Saturday, December 9, 2017

CIM Miles 1-10: Anyone can run a good first 10K

The starting gun went off, and just like that I was running the race I'd been dreaming about since March.  It was almost surreal as I strided out among the elite field as the sun was just beginning to rise in Folsom.  The road was very crowded initially, but I focused on running the tangent as well as I could into the first turn, which was less than a mile in.  A quick check of my Garmin told me that although I felt like I was barely moving I was actually running my exact goal pace for the first mile:  6:25.  Kris and I were side by side as planned.  We hit both miles 1 and 2 in exactly 6:25, also just as we'd planned - the easiest 12:50 2 miles of my life!

When Kris and I talked before the race, we both said we wouldn't be chatty during the race, and it was nice to not feel "expected" to talk but to know I had support right beside me.  We spoke here and there, mainly comments about being right on pace.  There were slight variations in our splits due to the elevation variations, but we were clipping off miles right around 6:20 pace.  I was also pleasantly surprised that the course seemed less hilly running it than when driving it the day before.  The field was thick enough that there were always many other runners around, but spread out enough after the first couple of miles that it wasn't crowded; it was the perfect balance.  I made it a point to run the tangents when we turned, but the course had minimal turns, which was really nice and one of the reasons I selected this race.  I grabbed a bit of water or nuun at almost every aid station; I think I missed two through the whole race.  My legs were ready to roll, and I kept telling myself, "Anyone can run a good first 10K; it's that last 10K that matters."

My family was on the course around mile 6, and I flashed them a big smile as I ran by.  I passed the 10K clock in 39:27, a shade faster than planned but nearly perfect.  During the race I never even looked at that meticulous pace band I made, but I knew it pretty well.  I thought about how my friends and family tracking me would get their first notification for the 10K split.  I took my first gel, which I never feel like I need, around the 10K.  My dad took this video around mile 6, although in reference to the audio I can't explain why he and my mom were so concerned that I was okay, haha!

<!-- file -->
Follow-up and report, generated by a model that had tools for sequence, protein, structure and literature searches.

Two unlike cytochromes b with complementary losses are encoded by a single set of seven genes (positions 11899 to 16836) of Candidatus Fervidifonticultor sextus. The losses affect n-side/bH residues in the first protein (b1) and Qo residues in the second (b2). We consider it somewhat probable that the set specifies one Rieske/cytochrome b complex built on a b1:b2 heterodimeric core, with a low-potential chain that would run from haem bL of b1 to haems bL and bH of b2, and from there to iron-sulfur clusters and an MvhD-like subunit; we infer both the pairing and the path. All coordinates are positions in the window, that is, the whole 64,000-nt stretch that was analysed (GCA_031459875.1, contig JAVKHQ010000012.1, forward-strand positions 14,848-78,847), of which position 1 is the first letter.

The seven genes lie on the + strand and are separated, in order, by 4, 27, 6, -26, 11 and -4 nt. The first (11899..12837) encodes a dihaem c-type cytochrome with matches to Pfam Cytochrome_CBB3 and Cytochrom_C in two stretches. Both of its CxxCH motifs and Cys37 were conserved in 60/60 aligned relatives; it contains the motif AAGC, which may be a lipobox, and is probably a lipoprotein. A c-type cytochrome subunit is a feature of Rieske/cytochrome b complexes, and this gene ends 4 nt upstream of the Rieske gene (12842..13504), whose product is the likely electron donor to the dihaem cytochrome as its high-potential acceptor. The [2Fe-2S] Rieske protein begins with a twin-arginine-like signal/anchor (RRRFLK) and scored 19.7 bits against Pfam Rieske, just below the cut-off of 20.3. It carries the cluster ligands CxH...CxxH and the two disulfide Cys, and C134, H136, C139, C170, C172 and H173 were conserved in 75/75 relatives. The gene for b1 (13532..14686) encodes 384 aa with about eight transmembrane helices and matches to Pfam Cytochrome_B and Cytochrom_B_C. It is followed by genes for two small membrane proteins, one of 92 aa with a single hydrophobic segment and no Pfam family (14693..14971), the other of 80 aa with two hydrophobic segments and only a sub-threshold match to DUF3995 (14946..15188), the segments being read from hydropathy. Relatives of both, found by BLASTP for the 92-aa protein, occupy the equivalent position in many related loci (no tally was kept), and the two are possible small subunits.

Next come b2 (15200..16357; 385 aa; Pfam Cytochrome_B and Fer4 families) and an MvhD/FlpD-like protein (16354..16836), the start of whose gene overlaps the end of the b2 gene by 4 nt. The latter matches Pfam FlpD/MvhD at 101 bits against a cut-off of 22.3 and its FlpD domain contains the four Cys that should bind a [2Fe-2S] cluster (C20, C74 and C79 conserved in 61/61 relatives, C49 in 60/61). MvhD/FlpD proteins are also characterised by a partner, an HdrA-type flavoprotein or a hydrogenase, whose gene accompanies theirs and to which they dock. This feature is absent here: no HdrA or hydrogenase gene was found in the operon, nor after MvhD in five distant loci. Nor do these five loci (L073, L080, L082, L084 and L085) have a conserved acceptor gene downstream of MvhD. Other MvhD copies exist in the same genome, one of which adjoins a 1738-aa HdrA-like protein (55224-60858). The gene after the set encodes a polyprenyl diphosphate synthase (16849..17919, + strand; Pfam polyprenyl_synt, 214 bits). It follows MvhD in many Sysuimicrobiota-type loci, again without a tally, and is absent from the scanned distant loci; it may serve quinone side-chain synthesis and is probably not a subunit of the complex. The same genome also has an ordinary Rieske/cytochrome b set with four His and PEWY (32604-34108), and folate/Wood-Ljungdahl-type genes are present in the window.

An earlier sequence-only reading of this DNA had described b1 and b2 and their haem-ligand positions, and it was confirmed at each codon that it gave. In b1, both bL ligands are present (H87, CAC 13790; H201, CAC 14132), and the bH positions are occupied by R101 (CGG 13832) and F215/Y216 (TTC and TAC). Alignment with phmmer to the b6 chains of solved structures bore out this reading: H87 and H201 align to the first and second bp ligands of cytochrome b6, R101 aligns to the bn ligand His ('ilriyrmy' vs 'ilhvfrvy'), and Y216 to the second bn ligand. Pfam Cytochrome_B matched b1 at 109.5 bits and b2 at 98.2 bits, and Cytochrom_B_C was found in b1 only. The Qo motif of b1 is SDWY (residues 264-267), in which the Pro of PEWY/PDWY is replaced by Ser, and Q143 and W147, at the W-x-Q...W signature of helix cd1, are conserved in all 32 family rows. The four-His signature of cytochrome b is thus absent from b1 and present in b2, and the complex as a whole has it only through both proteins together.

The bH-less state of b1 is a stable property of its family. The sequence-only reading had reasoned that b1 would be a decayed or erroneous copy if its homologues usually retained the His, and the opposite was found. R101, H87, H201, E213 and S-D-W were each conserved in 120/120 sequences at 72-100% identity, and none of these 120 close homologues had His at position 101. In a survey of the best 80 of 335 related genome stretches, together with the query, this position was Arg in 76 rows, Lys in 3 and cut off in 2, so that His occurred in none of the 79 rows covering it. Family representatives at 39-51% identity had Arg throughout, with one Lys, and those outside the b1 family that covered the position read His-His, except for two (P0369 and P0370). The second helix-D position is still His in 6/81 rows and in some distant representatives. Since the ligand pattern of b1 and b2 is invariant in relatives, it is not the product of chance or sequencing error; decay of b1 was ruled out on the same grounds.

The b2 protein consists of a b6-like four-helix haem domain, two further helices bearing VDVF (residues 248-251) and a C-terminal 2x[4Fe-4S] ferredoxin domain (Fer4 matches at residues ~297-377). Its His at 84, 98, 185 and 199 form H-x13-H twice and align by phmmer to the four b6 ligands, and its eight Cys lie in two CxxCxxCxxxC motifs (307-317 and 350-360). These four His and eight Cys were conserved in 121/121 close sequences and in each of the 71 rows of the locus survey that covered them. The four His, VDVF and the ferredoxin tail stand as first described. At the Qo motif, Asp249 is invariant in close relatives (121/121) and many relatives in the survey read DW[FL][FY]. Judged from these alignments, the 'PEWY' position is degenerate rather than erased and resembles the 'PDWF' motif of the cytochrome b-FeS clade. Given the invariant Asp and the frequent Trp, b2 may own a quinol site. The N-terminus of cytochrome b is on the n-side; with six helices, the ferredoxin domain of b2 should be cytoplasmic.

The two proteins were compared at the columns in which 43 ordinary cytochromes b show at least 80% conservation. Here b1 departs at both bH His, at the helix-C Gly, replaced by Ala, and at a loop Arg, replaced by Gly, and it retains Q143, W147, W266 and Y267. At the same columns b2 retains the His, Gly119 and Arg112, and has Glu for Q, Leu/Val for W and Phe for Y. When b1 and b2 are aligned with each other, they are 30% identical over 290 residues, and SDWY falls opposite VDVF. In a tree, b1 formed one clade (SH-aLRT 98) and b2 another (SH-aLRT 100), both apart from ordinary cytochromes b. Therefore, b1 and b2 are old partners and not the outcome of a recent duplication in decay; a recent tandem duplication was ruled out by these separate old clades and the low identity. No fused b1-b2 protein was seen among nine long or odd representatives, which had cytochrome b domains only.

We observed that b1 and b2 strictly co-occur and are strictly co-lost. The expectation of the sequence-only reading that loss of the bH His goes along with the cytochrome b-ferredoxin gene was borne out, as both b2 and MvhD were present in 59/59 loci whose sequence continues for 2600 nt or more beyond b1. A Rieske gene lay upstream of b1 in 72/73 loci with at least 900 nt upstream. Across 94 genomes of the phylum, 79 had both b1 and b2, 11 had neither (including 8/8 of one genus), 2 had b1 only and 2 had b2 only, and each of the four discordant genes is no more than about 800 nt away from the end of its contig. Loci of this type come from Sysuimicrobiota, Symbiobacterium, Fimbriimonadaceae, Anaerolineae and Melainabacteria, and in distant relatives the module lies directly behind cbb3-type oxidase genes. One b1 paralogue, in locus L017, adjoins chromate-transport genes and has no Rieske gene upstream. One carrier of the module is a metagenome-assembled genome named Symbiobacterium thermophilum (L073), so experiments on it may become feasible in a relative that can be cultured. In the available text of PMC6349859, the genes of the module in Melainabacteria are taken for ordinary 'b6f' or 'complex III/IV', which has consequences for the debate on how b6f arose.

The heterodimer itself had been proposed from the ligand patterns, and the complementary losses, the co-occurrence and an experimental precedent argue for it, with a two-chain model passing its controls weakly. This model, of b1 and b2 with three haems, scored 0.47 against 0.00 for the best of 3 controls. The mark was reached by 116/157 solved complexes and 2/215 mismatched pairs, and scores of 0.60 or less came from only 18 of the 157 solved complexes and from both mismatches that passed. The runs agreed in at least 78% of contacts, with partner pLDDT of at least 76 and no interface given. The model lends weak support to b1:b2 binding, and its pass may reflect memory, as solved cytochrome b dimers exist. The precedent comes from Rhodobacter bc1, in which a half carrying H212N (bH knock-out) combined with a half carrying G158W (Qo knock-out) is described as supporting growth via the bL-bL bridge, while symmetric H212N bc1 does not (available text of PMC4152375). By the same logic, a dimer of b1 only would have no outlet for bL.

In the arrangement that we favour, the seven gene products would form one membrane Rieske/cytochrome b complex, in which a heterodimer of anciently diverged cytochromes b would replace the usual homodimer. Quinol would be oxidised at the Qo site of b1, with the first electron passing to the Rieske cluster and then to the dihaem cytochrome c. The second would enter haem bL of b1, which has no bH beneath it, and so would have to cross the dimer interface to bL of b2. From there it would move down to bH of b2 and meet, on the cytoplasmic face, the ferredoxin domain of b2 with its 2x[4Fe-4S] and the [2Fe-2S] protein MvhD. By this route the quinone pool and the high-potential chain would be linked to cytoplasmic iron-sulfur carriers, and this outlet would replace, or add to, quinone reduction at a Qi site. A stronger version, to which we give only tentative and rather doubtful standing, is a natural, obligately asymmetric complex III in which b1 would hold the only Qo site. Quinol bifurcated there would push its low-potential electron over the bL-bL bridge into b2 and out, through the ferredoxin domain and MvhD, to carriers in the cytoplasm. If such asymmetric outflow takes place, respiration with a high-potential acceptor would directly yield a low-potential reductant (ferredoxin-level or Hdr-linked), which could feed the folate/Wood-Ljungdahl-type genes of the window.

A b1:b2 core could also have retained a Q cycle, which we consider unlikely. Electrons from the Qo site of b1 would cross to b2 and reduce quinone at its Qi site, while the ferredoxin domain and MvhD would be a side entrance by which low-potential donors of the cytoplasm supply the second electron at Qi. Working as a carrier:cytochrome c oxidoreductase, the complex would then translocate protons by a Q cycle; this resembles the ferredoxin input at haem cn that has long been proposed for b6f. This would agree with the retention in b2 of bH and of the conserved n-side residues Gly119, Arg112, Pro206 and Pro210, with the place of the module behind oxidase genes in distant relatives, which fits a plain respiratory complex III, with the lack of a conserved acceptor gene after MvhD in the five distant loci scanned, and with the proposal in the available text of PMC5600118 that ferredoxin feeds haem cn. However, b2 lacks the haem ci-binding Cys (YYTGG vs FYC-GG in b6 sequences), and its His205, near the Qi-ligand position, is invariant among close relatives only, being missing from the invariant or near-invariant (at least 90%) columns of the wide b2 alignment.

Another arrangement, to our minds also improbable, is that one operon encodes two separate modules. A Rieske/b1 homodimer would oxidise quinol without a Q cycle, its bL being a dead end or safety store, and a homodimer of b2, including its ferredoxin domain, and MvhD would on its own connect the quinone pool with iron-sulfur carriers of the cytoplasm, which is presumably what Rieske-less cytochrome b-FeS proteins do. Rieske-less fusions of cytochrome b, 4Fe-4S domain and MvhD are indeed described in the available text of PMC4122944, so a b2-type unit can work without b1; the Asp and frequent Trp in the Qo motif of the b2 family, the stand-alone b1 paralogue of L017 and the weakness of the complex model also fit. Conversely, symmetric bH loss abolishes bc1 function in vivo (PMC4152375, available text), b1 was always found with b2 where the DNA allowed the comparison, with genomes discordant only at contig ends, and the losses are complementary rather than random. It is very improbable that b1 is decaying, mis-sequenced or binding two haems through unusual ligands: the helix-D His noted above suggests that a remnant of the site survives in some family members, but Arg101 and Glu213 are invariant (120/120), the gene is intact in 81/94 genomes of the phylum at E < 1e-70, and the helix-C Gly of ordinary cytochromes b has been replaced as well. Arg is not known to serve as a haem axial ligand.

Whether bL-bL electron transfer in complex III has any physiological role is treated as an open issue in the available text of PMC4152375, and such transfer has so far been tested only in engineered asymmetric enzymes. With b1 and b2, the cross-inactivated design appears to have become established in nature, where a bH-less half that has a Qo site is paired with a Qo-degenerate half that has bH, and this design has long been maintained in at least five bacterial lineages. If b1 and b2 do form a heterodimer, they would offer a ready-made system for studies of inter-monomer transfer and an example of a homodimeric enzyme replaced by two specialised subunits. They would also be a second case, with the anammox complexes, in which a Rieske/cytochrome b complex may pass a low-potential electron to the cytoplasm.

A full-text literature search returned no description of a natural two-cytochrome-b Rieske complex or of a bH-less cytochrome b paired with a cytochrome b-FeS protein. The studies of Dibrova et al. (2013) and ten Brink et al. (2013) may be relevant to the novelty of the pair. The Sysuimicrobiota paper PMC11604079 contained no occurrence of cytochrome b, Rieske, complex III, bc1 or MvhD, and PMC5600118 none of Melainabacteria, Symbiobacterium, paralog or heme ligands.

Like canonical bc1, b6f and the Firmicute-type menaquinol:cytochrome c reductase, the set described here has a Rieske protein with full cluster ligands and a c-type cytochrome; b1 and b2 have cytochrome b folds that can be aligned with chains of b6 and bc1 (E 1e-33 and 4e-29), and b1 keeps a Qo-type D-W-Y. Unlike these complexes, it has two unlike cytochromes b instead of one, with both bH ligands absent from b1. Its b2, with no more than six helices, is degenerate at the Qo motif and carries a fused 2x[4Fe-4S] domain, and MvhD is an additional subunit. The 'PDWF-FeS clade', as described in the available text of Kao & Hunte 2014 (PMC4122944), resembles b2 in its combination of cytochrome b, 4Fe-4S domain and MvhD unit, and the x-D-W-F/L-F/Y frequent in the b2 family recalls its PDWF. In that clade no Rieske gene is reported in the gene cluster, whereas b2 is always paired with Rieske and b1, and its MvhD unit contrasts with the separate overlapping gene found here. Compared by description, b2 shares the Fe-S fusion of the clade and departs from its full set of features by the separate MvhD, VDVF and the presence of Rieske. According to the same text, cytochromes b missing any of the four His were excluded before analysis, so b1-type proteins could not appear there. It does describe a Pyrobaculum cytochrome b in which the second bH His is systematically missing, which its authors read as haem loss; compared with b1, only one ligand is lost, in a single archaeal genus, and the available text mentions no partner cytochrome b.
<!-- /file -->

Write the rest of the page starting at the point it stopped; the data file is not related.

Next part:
All smiles around mile 6
A photo of me also showing my dad taking a video
of me - classic.  Kris is just to my right.
A few miles in I'd spotted my friend Jamie up ahead, and after Kris and I fell in with a group of men we gradually pulled up with Jamie somewhere between 8-10.  I was so happy to see Jamie, and I knew she was going to nail the race because that's what she does!  We were likewise not chatty, but it was comforting to be running by someone I put in many long run training miles with in 2015.

Mile 10 was a turning point in the race for me; I guess the endorphins suppressed my doubts and I decided that I could run the rest of the way at 6:15 pace and go for that 2:45.  I reflected back on my husband's advice of "You should go for the 2:45; if you lose it at the end, you lose it at the end, but you will never get it if you don't try" and my coach's encouragement of "Don't be afraid to drop your pace as the race progresses."  It was still a very intimidating thought, so I started praying, "God, please make me brave and strong."  I quickly corrected to, "God, please make us brave and strong" as I ran along with two very brave and strong women.
This isn't a spoiler since I already wrote the summary post


  1. Your dad’s video was so cute! I think the “she’s okay” was more of a nervous thing. He was probably just nervous and excited! I can see myself saying the same thing watching one of my kids race.

    1. I like that translation. I kept thinking, "Why did they think I wouldn't be okay at the 10K???"

    2. Haha, right? I’m thinking it was just a reassurance, like you looked good and strong.